War of the Rebellion: Serial 040 Page 0480 N. VA., W. VA., MD., AND PA. Chapter XXXVII.

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His Excellency ABRAHAM LINCOLN,

President of the United States, Washington, D. C.:

The following is a copy of an original letter of Jefferson Davis in my possession.

DANL. BUTTERFIELD,

Major-General and Chief of Staff.

[Inclosure]

RICHMOND, VA.,

May 1, 1863-Sunday a.m.

Colonel

------

:

MY DEAR SIR: Inclosed I send you a telegram from Isaac, as requested by him. Our news from Mississippi is not definite beyond the fact that [John S.] Bowen, after engaging the enemy south of Port Gibson, had, under cover of night, fallen back across the Bayou Pierre, and that Loring was moving to his support from Vicksburg. The enemy landed in large force near Bruinsburg and have made cavalry raids as far as the New Orleans and Jackson Railroad. General Pemberton, as you are aware, is very deficient in cavalry, and is greatly outnumbered in infantry. We are looking, with intense anxiety to the operations of your army, and I have made earnest though not very successful efforts to give it prompt re-enforcements.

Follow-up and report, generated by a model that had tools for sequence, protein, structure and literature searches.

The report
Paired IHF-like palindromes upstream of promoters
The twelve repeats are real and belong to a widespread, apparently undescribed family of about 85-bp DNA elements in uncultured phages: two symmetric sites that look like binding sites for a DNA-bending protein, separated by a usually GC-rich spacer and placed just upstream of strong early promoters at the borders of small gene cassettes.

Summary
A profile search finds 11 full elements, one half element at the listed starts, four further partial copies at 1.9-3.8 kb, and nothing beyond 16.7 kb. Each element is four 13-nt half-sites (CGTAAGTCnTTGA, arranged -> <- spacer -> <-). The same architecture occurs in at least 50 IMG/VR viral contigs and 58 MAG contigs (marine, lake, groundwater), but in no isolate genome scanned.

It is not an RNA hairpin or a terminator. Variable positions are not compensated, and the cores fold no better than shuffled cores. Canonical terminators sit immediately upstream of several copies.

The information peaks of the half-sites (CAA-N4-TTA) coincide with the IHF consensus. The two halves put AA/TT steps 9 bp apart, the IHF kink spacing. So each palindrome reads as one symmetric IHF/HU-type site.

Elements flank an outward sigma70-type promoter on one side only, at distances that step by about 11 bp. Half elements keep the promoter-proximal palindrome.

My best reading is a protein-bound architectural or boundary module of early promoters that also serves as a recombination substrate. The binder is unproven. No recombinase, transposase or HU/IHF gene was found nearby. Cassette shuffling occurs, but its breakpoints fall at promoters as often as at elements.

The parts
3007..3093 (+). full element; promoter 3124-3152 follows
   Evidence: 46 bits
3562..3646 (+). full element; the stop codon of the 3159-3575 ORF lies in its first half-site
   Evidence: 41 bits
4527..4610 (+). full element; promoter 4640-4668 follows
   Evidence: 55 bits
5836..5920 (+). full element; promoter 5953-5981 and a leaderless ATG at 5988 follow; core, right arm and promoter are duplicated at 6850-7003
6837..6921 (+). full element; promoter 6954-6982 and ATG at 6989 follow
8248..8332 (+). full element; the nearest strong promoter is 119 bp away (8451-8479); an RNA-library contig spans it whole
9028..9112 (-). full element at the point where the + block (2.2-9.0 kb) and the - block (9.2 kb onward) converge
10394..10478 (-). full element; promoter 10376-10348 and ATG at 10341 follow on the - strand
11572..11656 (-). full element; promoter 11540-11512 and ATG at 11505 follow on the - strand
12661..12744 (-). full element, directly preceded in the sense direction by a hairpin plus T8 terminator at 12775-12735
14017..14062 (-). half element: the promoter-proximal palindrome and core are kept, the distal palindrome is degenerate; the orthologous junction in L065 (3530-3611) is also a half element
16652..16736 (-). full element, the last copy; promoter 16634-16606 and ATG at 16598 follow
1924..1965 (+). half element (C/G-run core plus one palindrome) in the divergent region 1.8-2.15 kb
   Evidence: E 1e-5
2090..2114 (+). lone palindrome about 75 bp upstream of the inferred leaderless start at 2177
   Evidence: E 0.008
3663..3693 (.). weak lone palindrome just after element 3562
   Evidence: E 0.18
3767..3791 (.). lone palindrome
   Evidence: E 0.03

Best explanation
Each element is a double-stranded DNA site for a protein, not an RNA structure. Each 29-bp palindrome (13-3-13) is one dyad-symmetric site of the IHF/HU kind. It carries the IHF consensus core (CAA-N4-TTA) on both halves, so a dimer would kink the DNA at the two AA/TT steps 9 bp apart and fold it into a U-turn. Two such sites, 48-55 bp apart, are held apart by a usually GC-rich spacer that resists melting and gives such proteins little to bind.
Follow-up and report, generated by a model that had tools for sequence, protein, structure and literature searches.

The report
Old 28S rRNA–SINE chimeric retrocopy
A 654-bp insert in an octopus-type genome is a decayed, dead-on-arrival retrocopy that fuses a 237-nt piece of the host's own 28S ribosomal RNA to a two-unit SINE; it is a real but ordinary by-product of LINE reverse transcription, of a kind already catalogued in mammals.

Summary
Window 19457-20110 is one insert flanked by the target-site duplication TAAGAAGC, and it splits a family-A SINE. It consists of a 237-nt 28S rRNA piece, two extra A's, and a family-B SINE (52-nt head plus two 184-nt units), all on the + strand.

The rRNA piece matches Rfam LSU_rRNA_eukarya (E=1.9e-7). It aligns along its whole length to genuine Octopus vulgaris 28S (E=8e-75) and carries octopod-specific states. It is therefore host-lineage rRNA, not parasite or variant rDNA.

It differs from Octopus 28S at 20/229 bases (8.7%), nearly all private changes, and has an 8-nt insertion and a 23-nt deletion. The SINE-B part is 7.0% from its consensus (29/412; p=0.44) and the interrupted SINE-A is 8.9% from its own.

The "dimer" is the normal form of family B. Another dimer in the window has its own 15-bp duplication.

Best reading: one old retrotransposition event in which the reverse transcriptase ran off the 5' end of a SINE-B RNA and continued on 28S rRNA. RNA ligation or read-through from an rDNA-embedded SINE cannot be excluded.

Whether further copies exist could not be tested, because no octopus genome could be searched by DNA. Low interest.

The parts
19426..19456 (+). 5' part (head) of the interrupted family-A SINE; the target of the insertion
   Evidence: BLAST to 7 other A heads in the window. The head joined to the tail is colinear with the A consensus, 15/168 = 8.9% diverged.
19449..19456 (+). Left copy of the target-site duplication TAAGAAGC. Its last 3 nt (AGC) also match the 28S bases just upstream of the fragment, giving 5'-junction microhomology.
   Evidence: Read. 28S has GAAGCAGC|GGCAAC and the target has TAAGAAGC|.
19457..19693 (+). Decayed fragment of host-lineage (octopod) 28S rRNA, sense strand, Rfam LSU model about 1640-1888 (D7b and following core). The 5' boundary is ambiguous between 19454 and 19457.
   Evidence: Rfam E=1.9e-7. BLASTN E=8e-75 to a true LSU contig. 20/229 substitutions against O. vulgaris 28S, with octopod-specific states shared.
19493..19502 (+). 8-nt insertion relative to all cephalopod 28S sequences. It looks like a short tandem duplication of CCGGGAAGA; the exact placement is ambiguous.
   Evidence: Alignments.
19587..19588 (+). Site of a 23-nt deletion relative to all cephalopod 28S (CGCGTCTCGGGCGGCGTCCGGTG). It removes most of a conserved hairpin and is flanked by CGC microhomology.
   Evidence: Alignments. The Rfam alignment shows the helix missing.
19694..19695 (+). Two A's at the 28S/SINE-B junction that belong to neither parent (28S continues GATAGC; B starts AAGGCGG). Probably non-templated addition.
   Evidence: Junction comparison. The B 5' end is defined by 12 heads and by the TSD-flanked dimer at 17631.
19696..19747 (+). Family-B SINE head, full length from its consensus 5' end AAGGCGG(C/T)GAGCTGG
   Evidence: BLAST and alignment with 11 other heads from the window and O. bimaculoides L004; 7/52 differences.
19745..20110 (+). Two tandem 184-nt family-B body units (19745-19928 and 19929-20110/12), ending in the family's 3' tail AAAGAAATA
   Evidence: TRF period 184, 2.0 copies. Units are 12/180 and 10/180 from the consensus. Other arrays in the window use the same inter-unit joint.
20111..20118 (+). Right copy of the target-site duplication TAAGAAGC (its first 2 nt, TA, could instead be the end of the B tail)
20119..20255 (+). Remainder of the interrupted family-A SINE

With best wishes, I am, as ever, your friend.

JEFFERSON DAVIS.

HDQRS. CAVALRY CORPS, ARMY OF THE POTOMAC,

May 14, 1863.

Brigadier-General GREGG,

Commanding Third Cavalry Division:

GENERAL: The major-general commanding directs that you march three regiments of your command at daylight to-morrow morning to Bealeton for the purpose of guarding, the Orange and Alexandria Railroad from Rappahannock Station to Cedar Run. You will please send a return of these regiments to these headquarters this evening.

Very respectfully, your obedient servant,

A. J. ALEXANDER,

Assistant Adjutant-General.

HDQRS. INSPECTOR OF ARTILLERY, U. S. ARMY,

Washington, May 14, 1863.

Colonel J. C. KELTON.

Assistant Adjutant-General, Headquarters of the Army:

COLONEL: I have the honor to report that in obedience to instructions from the General-in-Chief dated the 2nd instant, I left Washington, on that day and arrived at Pittsburgh the next morning. I found that the alarm, which had been great, had in a great measure subsided. The vague rumors of previous days were ascertained to be incorrect, and it was discovered that the rebels had not been in Pennsylvania at all, that they had come no farther north than Morgantown, Monongalia County, [West] Virginia, and that they had returned across the Baltimore and Ohio Railroad, and, when last heard from, were traveling south, in the direction of Weston, Lewis County, Virginia. I recon-